Territory Stories

Parliamentary record : Part I debates (19 August 1981)

Details:

Title

Parliamentary record : Part I debates (19 August 1981)

Collection

Debates for 3rd Assembly 1980 - 1983; ParliamentNT; Parliamentary Record; 3rd Assembly 1980 - 1983

Date

1981-08-19

Notes

Made available by the Legislative Assembly of the Northern Territory

Language

English

Subject

Debates

Publisher name

Northern Territory Legislative Assembly

Place of publication

Darwin

File type

application/pdf

Use

Attribution International 4.0 (CC BY 4.0)

Copyright owner

Legislative Assembly of the Northern Territory

License

https://creativecommons.org/licenses/by/4.0/

Parent handle

https://hdl.handle.net/10070/220994

Citation address

https://hdl.handle.net/10070/697218

Page content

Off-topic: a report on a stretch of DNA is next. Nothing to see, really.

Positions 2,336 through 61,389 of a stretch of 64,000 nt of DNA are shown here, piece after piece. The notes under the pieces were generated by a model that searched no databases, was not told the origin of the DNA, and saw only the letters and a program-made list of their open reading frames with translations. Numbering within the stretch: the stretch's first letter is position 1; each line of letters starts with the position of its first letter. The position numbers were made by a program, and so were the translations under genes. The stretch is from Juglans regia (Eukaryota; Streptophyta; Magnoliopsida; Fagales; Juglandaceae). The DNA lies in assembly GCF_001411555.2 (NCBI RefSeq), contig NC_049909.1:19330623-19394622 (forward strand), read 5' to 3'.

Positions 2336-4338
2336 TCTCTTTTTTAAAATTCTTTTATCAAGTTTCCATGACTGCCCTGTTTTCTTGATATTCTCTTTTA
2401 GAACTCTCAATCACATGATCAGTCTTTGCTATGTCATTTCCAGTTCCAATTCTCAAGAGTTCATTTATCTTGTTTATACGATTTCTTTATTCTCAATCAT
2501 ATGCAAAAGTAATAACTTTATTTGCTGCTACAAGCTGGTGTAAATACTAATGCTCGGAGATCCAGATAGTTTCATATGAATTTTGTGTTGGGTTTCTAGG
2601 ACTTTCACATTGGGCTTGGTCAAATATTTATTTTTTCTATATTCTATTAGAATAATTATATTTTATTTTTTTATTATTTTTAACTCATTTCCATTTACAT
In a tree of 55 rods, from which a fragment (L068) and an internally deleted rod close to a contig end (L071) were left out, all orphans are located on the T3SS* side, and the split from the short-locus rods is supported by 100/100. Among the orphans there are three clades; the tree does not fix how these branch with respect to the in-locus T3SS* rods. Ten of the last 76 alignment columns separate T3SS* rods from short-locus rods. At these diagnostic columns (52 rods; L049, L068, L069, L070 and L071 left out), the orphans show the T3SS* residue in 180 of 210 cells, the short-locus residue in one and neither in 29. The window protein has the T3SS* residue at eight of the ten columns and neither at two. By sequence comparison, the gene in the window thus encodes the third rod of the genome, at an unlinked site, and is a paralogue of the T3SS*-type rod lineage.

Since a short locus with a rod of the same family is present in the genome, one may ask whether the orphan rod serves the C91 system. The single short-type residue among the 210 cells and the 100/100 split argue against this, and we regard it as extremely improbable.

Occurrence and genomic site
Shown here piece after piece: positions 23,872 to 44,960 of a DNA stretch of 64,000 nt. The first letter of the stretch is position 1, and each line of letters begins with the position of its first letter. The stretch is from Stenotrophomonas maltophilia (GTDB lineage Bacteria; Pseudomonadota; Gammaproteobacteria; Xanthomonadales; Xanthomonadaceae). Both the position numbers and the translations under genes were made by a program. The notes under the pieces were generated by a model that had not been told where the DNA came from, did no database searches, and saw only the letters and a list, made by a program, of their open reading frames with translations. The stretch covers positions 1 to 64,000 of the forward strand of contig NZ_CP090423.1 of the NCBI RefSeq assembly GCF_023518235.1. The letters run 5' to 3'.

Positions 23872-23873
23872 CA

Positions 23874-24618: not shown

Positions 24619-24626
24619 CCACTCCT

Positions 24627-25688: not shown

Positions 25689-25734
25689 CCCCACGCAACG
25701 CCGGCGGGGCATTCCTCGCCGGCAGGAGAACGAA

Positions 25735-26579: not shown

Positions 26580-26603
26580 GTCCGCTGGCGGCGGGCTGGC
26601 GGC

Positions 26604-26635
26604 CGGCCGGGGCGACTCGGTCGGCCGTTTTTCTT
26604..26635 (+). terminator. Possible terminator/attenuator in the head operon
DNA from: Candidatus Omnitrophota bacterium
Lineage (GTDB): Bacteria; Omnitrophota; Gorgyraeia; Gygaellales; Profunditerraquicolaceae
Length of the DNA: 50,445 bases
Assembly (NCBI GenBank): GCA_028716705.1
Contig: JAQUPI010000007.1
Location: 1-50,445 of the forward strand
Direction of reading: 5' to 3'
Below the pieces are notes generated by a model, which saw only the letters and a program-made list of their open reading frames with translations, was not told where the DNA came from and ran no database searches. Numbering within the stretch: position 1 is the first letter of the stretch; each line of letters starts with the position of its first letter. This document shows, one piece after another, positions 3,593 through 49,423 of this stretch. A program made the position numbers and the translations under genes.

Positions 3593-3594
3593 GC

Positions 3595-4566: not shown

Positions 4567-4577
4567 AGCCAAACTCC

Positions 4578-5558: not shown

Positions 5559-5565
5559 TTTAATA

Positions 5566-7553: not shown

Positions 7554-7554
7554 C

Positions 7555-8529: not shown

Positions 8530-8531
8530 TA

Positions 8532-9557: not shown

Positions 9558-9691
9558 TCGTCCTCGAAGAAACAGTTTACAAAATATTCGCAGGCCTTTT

DEBATES - Wednesday 19 August 1981 Referring to clause 4 of the bill, when section 22B of the principal act is amended, the removal of the word 'and' from subsection (1) (a) implies a choice. I think it weakens that particular piece of legislation and I do not think it should. I would like to be told that I am wrong but, on my reading of it, it seems to weaken it a little because it implies a choice and there is not as much compulsion as there was. In section 22B(1) (a) of the Stock Diseases Act, there is no compulsion exerted on the person. There is compulsion in respect of the animals etc. The person should also be mentioned there because, in some situations, it may be necessary to seek treatment. There does not seem to be a compulsion on the person to be treated. If this is considered necessary, it would require a further amendment. The honourable minister has said it would be in the Health Act. Section 22B.(1) (a) reads: 'may give a direction in writing that a person, animal or thing, in or previously in the restricted area to which the declaration relates, shall be disinfected or such an animal or thing shall be otherwise treated'. In some cases, the person would have to be treated also. Clause 4 has a new subjection (1) (c) to be inserted in section 22B of the principal act. The amendment says: 'may give an order in writing directing the removal or disposal from a holding, declared under this division to be a restricted area, of an animal or thing specified in the order'. I could not understand why only a holding was mentioned and not a vessel or wharf also. In section 22B(1) of the principal act, a vessel is mentioned. In conclusion, clause 6 relates to the powers of the inspector. Whilst I agree with the marking and know why it has been introduced and know that this legislation would be aimed primarily at cattle, we must not forget that bees are stock for the purpose of the Stock Diseases Act. Some of these inspectors will have headaches marking the bees. I fully support the bill and hope that it goes more than a little way to helping the eradication of brucellosis and tuberculosis in the Territory. Mr VALE (Stuart): I was interested to read earlier this year that 5 states in the United States were experiencing similar problems to the Northern Territory in the brucellosis eradication program. Texas, Florida, Mississipi, Arkansas and Louisiana accounted for nearly two-thirds of the herds contaminated in the USA by brucellosis in 1980. Another 5 states in the USA accounted for 25% of the infected herds resulting in 10 states holding 90% of the infected herds. Florida has 900 infected which is more than double that of Louisiana which had the second highest rate of brucellosis infection. There are interesting parallels in the January 1981 quarterly publication, 'Brucellosis Progress Report', with the situation in the Northern Territory. Florida has mounted a campaign known as Operation Cleanup to boost its vaccination program in overall calf vaccination. 'Similarly, the Northern Territory government, with the support of the industry, is intensifying its program to eradicate bovine tuberculosis and brucellosis. Brucellosis is the major problem in the southern area of the Northern Territory while TB of course is the major concern in the Top End. The Territory shares similar problems with the 10 states of America that I have mentioned and the aim of this legislation is to ensure that our disease eradication program keeps pace with those other states of the Commonwealth. Members are united in their aim to upgrade this program and I believe that the accurate identification methods and assistance in destocking will go a long way towards ensuring the eradication targets. I support the bill. Mr STEELE (Primary Production and Tourism): I only rise to allay the fears of the member for Tiwi as to the workings of this particular piece of legislation. It has been around a long time. I cannot recall when it was first 1301


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